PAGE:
fervently focused on their idiosyncratic movement patterns. These children taught me about movement patterns. Could their prayer have been: “See me, and then I can see myself?” And so, slowly, accompanied by an outer, moving, open-eyed witness, they began, just began, to see themselves. In such moments of grace, an inner witness was born, barely born- tiny beginnings, enormous moments in my life. It was here that an opportunity for a dialogic relationship between us emerged.

I have been entering the precious detail of Jacob’s movement for 16 years.  Today, in the cold winter sun, surrounded by the bare trees, the soft thin grass, the lengthening shadows, I am still a student, still moving, still listening, moving and waiting to be moved.

the poem, the dance

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This is how I want to make dances.  This is how I want to teach.  This is how I want to be.

Thank you Mary Oliver!

 

 

Everything

I want to make poems that say right out, plainly,
what I mean, that don’t go looking for the
laces of elaboration, puffed sleeves.  I want to
keep close and use often words like
heavy, heart, joy, soon, and to cherish
the question mark and her bold sister

the dash.  I want to write with quiet hands.  I
want to write while crossing the fields that are
fresh with daises and everlasting and the
ordinary grass.  I want to make poems while thinking of
the bread of heaven and the
cup of astonishment; let them be

songs in which nothing is neglected,
not a hope, not a promise.  I want to make poems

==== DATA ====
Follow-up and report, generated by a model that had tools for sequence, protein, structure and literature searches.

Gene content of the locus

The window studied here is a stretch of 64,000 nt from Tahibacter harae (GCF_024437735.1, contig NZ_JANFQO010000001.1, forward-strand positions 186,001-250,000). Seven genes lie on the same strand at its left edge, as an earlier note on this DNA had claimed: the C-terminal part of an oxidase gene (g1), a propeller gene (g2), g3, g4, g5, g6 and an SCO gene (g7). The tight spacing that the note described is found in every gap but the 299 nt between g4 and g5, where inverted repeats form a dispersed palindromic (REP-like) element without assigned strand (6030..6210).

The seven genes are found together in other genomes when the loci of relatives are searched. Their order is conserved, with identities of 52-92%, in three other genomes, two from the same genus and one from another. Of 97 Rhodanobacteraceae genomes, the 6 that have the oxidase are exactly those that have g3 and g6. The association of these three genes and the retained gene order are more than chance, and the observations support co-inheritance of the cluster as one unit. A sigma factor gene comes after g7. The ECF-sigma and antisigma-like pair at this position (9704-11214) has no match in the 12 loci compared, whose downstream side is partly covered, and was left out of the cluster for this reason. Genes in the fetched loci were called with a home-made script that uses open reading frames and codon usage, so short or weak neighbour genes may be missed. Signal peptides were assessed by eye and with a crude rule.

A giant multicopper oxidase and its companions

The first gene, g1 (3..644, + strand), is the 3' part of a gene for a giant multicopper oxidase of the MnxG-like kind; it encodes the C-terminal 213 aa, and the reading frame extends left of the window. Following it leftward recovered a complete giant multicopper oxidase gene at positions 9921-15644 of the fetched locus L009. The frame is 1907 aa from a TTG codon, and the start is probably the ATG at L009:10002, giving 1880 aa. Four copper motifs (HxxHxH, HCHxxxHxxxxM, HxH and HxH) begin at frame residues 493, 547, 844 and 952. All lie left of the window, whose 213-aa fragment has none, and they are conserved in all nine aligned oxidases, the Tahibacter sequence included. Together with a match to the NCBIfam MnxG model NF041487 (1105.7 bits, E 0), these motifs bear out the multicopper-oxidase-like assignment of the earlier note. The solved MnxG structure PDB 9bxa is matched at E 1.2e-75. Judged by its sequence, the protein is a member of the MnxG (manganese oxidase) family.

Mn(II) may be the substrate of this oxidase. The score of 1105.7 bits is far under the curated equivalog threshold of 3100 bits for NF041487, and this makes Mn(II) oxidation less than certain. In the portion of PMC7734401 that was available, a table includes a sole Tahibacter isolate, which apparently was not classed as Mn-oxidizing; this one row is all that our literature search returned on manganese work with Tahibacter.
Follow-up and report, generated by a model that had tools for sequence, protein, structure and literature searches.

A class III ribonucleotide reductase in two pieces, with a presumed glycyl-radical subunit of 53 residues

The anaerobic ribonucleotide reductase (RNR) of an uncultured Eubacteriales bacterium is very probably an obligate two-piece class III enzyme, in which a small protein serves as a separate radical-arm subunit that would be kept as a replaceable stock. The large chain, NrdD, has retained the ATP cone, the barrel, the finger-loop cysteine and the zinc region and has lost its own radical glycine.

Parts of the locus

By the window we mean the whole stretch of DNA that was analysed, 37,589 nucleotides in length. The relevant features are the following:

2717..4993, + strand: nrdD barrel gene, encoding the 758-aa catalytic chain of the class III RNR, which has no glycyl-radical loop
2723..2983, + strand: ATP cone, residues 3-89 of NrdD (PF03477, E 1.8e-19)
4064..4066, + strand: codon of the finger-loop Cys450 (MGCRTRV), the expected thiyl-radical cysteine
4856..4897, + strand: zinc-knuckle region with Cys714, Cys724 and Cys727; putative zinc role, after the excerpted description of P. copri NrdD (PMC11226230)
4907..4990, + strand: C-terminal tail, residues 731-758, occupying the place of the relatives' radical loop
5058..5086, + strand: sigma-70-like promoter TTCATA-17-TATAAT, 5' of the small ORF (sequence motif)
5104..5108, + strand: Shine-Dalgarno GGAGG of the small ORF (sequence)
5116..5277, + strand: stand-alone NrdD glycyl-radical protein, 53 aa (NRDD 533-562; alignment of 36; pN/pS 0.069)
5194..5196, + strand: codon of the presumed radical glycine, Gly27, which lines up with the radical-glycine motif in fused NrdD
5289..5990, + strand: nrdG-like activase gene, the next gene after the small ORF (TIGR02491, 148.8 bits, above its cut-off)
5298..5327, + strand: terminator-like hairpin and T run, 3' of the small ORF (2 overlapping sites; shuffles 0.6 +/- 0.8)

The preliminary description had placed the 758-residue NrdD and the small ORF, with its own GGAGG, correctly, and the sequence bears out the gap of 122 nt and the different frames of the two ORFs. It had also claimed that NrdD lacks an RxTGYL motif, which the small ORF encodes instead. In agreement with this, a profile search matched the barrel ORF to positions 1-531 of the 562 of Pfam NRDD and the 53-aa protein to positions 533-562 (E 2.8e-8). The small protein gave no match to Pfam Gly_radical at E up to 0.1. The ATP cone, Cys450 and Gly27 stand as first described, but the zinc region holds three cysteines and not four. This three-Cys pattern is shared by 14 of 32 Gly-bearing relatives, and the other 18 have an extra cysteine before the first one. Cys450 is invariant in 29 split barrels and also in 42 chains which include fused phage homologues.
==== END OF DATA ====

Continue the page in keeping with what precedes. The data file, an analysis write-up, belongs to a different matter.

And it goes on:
that look into the earth and the heavens
and see the unseeable.  I want them to honor
both the heart of faith, and the light of the world;
the gladness that says, without any words, everything.

~ Mary Oliver ~

 

 

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touching Mamacita

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This is Mamacita, the formerly feral mama cat who now lives in my studio.

In my book (just released!!!) Our Horses, Ourselves: Discovering the Common Body, I devote a chapter to the nuances of touch.  Besides TTouch (developed by Linda Tellington-Jones), I explore how understanding the developmental stages of touch can help us to become more intentional and mindful with our touch, whether with humans, horses, cats, dogs, or your morning tea.

Those stages are, in order, yield, push, reach, grasp and pull.  They are the usual sequence in which infant movement develops in relationship to the world and what she wants to be close to, or bring close.

For the first six years of knowing Mamacita, I could not touch her.  She was very fearful, but also curiously connected.  We fed her, built an outdoor shelter for her, and then one winter, she decided that coming into the house might be a good idea.  That was probably year seven.

I spent a lot of time sitting and breathing and making myself less scary.  Touches developed.  Slowly, with frequent setbacks.

Today, Mamacita’s favorite human is one that is lying on the floor so that she can do her verson of Contact Improvisation.  I can lift her, carry her, roll with her, tumble with her.

This morning, I experienced a revelation.  Mamacita, I realized, was doing ALL OF THOSE TOUCH STAGES AT ONCE WITH DIFFERENT PARTS OF HER BODY!!! Her back yielded into my legs, her nose and head pushed at mine, her paws reached, grasped (claws) as she pulled herself toward me.

I love what I learn daily from my creature companions.  I love the wordlessness, the openness and the fullness of it.  I love feeling the reciprocity – the being touched as I touch.

What are you touching? How are you touching?